Have you noticed that your teen seems to have ups and downs? Or maybe loses concentration in school? Has become less social? More tired? Then about the time you are concerned, all these symptoms seem to go away? However, about the same time next year, you notice these same things occurring?
According to Kids Health, as the days get shorter during the winter months, some teens find that they experience heightened fatigue as well as depression. Then as the days start to get longer and spring arrives they find those symptoms dissolve and they once again feel back to their usual selves. This form of depression is known as Seasonal Affective Disorder (SAD). Why does this happen?
When there is a decrease in daylight, the brain responds with chemical changes which, in some people, can trigger depression. According the experts, there is no certainty as to why this happens, but the current focus of research is that sunlight plays a role in the bodies release of certain chemicals like melatonin and serotonin. These are the chemicals that regulate the body’s energy, sleeping and waking cycles as well as mood. When the days are shorter, the body tends to release higher levels of melatonin which causes sleep. Then when the days are longer, the body releases more serotonin. The link is that when a person has low levels of serotonin, they can become depressed. How likely is it that your teen is suffering from SAD?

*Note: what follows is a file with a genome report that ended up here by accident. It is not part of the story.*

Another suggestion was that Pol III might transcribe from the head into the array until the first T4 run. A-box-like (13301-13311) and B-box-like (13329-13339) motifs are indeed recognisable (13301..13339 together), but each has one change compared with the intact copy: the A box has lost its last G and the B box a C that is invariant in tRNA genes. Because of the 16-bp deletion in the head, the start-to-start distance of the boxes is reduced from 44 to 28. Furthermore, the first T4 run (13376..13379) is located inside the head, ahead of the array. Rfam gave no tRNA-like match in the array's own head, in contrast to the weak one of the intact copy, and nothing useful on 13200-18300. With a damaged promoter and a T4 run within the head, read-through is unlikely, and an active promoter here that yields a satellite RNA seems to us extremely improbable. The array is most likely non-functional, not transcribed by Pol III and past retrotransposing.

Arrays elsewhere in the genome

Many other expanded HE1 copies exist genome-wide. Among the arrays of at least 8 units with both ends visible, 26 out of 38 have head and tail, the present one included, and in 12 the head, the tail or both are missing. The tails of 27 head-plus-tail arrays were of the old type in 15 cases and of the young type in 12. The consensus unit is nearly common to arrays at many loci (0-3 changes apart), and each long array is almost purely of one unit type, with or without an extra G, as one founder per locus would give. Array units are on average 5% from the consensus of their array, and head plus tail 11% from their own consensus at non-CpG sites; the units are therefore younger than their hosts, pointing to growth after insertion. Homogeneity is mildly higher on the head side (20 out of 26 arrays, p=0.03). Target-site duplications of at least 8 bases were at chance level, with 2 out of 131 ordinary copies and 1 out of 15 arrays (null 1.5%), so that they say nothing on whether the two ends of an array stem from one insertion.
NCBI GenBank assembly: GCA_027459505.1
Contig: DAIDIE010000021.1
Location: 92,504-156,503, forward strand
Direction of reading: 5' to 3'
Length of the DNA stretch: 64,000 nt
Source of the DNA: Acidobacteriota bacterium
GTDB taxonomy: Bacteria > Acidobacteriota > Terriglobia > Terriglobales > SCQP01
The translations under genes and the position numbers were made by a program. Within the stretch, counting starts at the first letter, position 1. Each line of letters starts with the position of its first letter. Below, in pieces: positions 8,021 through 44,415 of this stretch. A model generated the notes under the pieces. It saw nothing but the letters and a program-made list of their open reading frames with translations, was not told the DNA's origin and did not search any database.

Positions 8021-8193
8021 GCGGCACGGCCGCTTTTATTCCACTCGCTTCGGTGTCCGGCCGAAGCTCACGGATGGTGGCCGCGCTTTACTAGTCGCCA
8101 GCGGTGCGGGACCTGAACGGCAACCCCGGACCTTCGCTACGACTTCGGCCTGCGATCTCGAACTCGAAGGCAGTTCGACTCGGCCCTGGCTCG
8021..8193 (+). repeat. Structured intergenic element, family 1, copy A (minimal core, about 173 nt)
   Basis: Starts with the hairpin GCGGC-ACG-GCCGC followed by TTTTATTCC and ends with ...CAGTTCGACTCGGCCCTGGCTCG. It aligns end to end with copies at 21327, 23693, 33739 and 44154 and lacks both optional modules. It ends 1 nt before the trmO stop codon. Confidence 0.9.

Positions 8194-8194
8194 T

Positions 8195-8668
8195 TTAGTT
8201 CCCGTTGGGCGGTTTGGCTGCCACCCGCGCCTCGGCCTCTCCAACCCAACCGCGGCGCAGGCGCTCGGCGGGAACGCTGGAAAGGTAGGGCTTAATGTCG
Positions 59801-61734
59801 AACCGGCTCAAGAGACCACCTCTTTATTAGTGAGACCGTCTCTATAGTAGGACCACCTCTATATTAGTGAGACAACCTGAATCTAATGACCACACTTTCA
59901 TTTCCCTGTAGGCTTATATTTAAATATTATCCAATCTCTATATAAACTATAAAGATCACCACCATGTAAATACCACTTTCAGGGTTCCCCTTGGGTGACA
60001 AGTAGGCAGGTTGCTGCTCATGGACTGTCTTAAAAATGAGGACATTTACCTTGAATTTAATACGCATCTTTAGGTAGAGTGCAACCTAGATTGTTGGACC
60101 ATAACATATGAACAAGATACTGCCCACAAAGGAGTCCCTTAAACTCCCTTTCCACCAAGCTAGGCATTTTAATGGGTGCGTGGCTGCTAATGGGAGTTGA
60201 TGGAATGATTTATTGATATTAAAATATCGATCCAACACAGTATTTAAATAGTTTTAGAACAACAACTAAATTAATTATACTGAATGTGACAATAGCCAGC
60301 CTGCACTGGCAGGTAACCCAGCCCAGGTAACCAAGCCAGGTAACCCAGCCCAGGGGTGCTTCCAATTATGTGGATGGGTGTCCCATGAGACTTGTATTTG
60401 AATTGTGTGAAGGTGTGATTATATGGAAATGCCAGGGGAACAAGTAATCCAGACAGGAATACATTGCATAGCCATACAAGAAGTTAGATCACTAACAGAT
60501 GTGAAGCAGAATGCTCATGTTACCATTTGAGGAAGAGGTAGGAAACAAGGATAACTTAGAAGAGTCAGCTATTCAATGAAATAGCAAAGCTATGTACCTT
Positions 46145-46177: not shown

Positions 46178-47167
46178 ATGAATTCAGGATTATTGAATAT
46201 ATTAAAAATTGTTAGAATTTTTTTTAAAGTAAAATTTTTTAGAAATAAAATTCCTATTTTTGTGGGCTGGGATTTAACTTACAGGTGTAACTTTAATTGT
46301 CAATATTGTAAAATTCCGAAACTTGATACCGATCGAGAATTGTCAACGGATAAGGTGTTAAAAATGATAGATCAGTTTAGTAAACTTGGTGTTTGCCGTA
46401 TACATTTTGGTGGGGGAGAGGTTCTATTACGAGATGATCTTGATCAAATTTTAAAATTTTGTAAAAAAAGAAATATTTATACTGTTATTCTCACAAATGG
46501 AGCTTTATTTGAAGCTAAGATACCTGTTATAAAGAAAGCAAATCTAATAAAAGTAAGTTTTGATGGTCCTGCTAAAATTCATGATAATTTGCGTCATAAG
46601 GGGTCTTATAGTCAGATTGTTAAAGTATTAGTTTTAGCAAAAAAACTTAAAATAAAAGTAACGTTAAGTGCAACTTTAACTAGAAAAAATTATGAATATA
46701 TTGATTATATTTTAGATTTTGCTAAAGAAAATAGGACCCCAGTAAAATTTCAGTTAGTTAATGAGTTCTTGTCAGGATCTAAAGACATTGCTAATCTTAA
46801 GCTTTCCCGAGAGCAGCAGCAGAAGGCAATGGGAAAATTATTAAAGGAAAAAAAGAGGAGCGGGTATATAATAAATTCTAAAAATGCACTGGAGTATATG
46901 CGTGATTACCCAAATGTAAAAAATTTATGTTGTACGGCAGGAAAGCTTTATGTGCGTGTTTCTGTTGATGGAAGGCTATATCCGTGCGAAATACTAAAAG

Who does SAD affect?
Kids Health, states that about 6% of people get SAD. Some regions are more likely to experience than others depending on the climate. Additionally, girls are four times more likely than boys to experience SAD. The symptoms of SAD are similar to depression.
Mental Health America, explains that the symptoms of SAD are the same as with typical depression. These include:
- Problems sleeping
- Changes in mood
- Problems socially
Some of the problems that teens with SAD might experience are spending less time with friends and not doing as well in school. Which in turn causes a loss of self-esteem and feeling of loneliness. This can be worse if the teen is yet to be diagnosed with SAD.
Diagnoses and Treatment
A diagnosis of SAD is made after doctors and professionals in mental health have done evaluations and other possible health problems are ruled out. A medical health check up can help rule out conditions like mononucleosis or issues with the thyroid. Once these have been ruled out then a metal health professional can make the diagnosis.
Once diagnosed, a treatment program can begin. Some common treatments for SAD are:
- Increased exposure to light by spending more time outside during daylight hours.
- Therapy with bright lights known as phototherapy. This helps to decrease amount of melatonin the body produces. This typically has an 85% effective rate. With this treatment, patients can expect to spend up to 4 hour a day in this lighting which is ten times more intense than normal lighting.
- Talk therapy can also be used to help the patient learn about SAD and what they can do to help minimize it or prevent it in the future.
- If light therapy is not successful, then an antidepressant drug may be prescribed which would help regulate serotonin in the brain.
If your teen has been diagnosed with SAD, there are some preventive measures that you can take in the future. These would include starting light therapy earlier in the season, try and get outside more, exercise, managing stress, and visiting places with more sun.
If you find that your teen is suffering from the symptoms of SAD visit a health professional for an accurate diagnosis and treatment program.